8. Finally started working on my first subs build, using Dayton RSS390HO drivers The core plan was to keep them small, 410x410x410x18mm, with drivers and bracing that comes down to roughly 44l net. The baffle is double 18mm, and I did manage to piece together the 3D bracing today. Bought a router last weekend, as the blade of the jigsaw was warping too much and wasn't creating a perfect circle. My plan is to finish the outside by using the same bamboo floor boards that are in the cinema room, but I will need the help of a table saw to get that right. Hopefully my neighbour can be persuaded with some beers.
  9. Unlikely that you are going to notice a difference. There is potentially a small benefit in bi-amp a passive x-over. One amp for LF and one amp for MF/HF. Bi-wire is still using a single amp for LF and MF/HF It is just a marketing gadget/naming. If you read the info on your amp, it isn't even mentioned in their sales pitch.
  10. I don't know about that, but my subs are placed at the halfway length of the room, and 90cm closer by than my main speakers. With a 100Hz x-over (1/4 length is 85cm) I could localised the subs and sound would jump between sub and main speakers. This is sitting rather close to the sub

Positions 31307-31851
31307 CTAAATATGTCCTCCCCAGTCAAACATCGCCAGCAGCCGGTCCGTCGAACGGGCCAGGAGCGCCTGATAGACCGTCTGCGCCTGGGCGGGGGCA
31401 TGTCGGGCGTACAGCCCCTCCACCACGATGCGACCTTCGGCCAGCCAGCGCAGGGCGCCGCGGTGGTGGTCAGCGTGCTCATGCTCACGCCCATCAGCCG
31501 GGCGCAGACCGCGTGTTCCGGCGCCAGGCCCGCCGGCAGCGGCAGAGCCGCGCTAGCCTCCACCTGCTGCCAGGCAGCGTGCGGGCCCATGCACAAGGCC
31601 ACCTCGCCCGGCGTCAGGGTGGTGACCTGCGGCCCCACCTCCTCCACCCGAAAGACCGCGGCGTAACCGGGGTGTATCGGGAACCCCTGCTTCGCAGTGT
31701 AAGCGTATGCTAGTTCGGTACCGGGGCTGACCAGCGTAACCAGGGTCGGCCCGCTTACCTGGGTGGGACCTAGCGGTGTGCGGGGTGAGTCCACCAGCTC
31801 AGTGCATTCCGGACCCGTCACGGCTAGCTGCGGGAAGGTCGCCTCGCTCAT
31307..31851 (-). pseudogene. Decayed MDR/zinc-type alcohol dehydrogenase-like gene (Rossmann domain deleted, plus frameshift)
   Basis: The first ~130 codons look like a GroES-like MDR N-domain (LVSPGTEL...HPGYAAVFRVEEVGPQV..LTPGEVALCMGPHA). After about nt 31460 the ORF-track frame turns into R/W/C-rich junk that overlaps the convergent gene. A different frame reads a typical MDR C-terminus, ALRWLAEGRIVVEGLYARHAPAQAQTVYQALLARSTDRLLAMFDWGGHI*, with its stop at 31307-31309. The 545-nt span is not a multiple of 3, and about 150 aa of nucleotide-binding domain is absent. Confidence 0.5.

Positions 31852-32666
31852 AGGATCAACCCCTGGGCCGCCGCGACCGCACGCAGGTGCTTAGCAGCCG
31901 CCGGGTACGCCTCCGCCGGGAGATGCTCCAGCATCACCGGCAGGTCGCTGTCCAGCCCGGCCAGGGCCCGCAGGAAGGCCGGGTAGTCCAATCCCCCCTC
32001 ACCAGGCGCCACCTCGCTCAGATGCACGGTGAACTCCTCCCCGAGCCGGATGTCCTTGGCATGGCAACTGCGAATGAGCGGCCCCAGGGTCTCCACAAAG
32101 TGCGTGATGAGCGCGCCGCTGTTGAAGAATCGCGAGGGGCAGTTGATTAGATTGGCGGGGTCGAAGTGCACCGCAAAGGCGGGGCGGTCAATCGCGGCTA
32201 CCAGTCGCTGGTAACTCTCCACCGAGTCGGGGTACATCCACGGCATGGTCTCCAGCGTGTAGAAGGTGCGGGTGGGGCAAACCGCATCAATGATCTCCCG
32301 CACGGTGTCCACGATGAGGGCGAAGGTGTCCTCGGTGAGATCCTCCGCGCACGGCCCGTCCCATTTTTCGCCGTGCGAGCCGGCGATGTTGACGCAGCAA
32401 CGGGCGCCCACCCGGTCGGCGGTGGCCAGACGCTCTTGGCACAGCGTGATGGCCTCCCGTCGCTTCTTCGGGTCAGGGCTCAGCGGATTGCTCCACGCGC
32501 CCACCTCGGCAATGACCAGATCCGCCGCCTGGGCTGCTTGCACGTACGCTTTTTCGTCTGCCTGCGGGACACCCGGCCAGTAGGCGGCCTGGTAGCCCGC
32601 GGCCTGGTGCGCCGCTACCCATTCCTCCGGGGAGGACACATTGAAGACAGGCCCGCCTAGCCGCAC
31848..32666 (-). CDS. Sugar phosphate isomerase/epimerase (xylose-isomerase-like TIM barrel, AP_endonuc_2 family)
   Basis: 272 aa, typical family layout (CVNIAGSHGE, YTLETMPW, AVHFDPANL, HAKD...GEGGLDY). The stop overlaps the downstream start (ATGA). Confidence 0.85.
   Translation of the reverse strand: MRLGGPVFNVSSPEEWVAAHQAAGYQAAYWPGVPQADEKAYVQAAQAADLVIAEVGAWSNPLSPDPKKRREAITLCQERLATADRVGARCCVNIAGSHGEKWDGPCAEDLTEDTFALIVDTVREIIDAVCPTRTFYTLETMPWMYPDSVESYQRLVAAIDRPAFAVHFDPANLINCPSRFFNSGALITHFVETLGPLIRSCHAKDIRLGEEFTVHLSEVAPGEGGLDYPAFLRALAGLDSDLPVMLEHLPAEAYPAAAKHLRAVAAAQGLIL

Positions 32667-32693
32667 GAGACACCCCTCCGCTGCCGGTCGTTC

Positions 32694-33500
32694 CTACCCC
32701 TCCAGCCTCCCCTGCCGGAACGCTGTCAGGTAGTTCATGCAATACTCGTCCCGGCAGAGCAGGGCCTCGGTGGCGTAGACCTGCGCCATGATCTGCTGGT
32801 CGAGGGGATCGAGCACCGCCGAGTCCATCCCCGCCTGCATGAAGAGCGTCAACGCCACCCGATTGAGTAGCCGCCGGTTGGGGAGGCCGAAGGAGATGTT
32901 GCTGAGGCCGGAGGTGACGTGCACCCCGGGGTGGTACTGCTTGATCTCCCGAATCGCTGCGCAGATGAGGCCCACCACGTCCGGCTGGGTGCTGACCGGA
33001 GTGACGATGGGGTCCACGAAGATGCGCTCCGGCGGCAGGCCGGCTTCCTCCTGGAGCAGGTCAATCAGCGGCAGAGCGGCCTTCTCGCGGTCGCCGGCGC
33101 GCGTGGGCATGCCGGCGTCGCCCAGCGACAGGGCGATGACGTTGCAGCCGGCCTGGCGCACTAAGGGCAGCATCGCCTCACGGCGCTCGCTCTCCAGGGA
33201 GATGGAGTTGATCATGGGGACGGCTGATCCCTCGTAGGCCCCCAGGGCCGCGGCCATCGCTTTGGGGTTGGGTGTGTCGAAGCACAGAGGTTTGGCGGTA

11. Are you sure you want to do this with subs? That is right on the edge of most bass management x-overs, and everything above 80-100Hz can be localised. You will have to put them very close to your main speakers, and this way you loose out on bass optimisation by placement.
  12. Proper placement of a Sub and EQ-ing, can improve the lower bass and mid bass. One sub is never ideal, as you will have nulls that can't be cured. As mentioned, EQ has still a function even with room treatment. The impact won't be as big as room treatment and since you have some on your sub, it would not be an high priority at the moment.
  13. The analogue output can be used instead of HDMI. Some players do have some basic DSP implementation for setting speaker distance, size, and perhaps level, and bass management. Some can even be used as an digital pre amp. You mentioned that your player has been modified. Usually these modifications are done on the analogue parts. If you use HDMI you probably not making use of these modifications.
  14. You can't compare HT with stereo money for money. HT has to do a lot more tricks. Speakers have the biggest impact on sound, so you should run HT via your stereo speakers for a start, as a fair comparison. A mingle of the two can be done. I would not ditch the center speaker, as the center speakers is the most used speaker in a HT setup. Not only for dialogue, but also for paning and off center stereo effects. Don't expect to find HT that performs at a quality stereo setup without spending some serious money. It can be done without breaking the bank but it requires an unconventional plan of attack. You haven't told us what your stereo setup is like, which would be helpful as that is your point of reference.
  15. They only work in large rooms, not something for your typical living room